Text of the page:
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Hysminé’s Nostrils

August 9, 2013

Now that Kurk has brought up Hysminé’s nostrils, I have to admit that this is even odder than the lack of Adam’s nose. If Adam’s nose is downsized to his face, then Hysminé’s nose is upsized to her nostrils. How odd! Would you translate like this? (BTW, I don’t have access to the Greek, or English, but am hoping that Kurk does.) But this is Hysminé.

Her mouth is drawn in exact proportion, her lips are light and vermilion like a rose. Her white and perfectly straight teeth look like a choir of virgins around which the lips serve as rampart and refuge. Her face, enfin, forms a perfect circle in which her nostrils are the centre.

I just couldn’t bear to translate “enfin” – it comes like a lover’s sigh and “finally” just wouldn’t do. But why narines – “nostrils”  – instead of nose? According to LSJ, it is quite acceptable to translate τὰς ῥῖνας as nose, whether plural or not. Sometimes odd things creep into translation and then they stick.

Hysmine

 

 

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6 Comments leave one →
  1. August 10, 2013 9:58 am

    Suzanne, I love your translation (and even your retaining enfin)!

    We do have access to the Greek (via google)

    Τὸ στόμα συμμέτρως διέρρηκται· τὸ πολὺ τῆς σαρκὸς τῶν χειλέων διέρριπται, καὶ ἄμφω τὼ χείλη φοινίσσεται. Εἴποις ἰδὼν ῥόδον ἐκθλῖψαι τὴν κόρην τοῖς χείλεσι. Χορὸς ὀδόντων λευκός, συστοιχίαν φέρων εὐάρμοστον καὶ πρὸς τὸ χεῖλος ἀνάλογον, ὡς παρθένοι τοῖς χείλεσιν οἰκουρούμενοι. Ὅλον τὸ πρόσωπον κύκλος ἀνεπισφαλής· ἡ ῥὶν κέντρου· λόγον ἐπέχει πρὸς ὅλον τὸ κύκλωμα, καὶ εἰ μὴ φρίσσω τὸν Ἔρωτα καὶ μᾶλλον ἐκ τῆς πείρας αὐτῆς, εἶπον ἂν—ἀλλὰ σιγήσω τὸ ἐφεξῆς, ἵνα μὴ καὶ πάλιν καταβροντήσῃ με τὸ μειράκιον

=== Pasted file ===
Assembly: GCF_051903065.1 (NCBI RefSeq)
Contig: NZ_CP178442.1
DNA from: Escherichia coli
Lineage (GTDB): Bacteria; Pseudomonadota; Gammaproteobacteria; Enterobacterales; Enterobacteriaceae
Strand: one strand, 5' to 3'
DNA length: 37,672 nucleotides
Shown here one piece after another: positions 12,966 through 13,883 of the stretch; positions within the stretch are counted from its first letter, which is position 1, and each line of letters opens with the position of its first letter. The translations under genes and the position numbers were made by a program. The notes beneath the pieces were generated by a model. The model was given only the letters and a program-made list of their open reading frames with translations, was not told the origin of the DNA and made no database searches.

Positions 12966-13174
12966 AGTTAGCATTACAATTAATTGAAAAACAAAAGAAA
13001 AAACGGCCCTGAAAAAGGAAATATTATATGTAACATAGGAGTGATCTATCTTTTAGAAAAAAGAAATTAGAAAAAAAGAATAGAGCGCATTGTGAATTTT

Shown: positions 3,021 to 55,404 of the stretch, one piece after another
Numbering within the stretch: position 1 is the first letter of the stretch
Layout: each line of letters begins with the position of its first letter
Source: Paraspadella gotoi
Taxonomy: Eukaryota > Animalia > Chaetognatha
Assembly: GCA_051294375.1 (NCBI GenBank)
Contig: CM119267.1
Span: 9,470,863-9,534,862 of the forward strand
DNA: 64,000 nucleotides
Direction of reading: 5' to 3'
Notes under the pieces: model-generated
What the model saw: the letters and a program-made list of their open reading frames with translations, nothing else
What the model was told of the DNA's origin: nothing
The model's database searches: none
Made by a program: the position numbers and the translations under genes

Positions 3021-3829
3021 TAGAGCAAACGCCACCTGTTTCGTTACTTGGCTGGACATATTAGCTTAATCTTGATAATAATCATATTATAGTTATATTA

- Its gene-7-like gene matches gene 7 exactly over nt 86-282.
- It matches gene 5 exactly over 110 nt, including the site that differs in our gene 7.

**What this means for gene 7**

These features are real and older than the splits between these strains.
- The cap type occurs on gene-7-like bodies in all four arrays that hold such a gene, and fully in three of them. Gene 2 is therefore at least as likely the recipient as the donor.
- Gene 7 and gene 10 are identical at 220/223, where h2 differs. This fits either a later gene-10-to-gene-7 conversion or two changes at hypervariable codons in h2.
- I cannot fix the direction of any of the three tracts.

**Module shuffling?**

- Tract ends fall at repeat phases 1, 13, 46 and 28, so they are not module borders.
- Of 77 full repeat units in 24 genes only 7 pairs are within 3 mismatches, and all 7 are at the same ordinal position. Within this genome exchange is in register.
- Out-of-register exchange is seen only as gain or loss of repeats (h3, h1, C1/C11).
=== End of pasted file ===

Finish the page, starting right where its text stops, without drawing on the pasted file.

Notice, I’ve excerpted just a bit more than you have from the French. It perhaps accounts for the limited (and poor English) translation: Ismene and Ismenias, a novel translated from the French in 1788 by L. H. Le Moine. This translator only offers this English out of the French translation of the Greek –

    … she fills her beholders with admiration:

    Her eyes, her lips, her cheeks, her shape, her features

    seem to be drawn by Love’s own hand; by Love Himself in love.

    I don’t have access (nor does my university library) to E. M. Jeffrey’s English translation from the Greek, one of Four Byzantine Novels, which she published in 2013. (When it comes in via Interlibrary loan, then I’ll show here how she translates the Hellene bit here.)

  2. Suzanne McCarthy permalink*
    August 10, 2013 2:15 pm

    So how did the singular ἡ ῥὶν κέντρου get translated as “les marines?” Did the translator have some sexual connotation for nostrils, as in a filly’s flaring nostrils? But how does that line up with the virgin choir?

  3. August 10, 2013 7:20 pm

    Great questions! And what do you make of the same translator’s French for the following Greek original? It’s much much later in the novel than the bit you excerpt in your post. (It’s the bit I excerpted in comment to your earlier post of the week; I was trying to show “sweat” and “nose” NOT “face” together) –

    Aissis près de moi, Rhodope me prend les mains,
    essuie la sueur qui couvre mon front,
    mêle ses larmes aux miennes,
    partage ma douleur,
    et s’efforce de me rappeler à la vie en approchant des
    parfums de mes
    narines,
    en posant sa main humide sur ma poitrine,
    afin d’apaiser par cette douce fraicheur
    le feu qui dévoroit mon sein.

    Enfin elle renvoie toutes ses suivantes,
    à l’exception de Hyssimé,
    me serre dans ses bras,
    me donne un baiser,
    et s’écrie en poussant un profond soupir
    et les yeux baignés de larmes:
    O fortune inconstante, …

    καὶ ἡ Ῥοδόπη τῇ κλίνῃ παρακαθίσασα ἥπτετό μου χειρῶν,
    ἀπεμάσσετο τοὺς ἱδρῶτας,
    ἐδάκρυεν,
    ὅλον ἐκοινοῦτό μοι τὸ δυστύχημα,
    τὴν ψυχὴν ἀνεκτᾶτό μου
    τὰς ῥῖνας
    μυρίζουσα,
    ὑγράν μοι χεῖρα κατεπετίθει τῷ στέρνῳ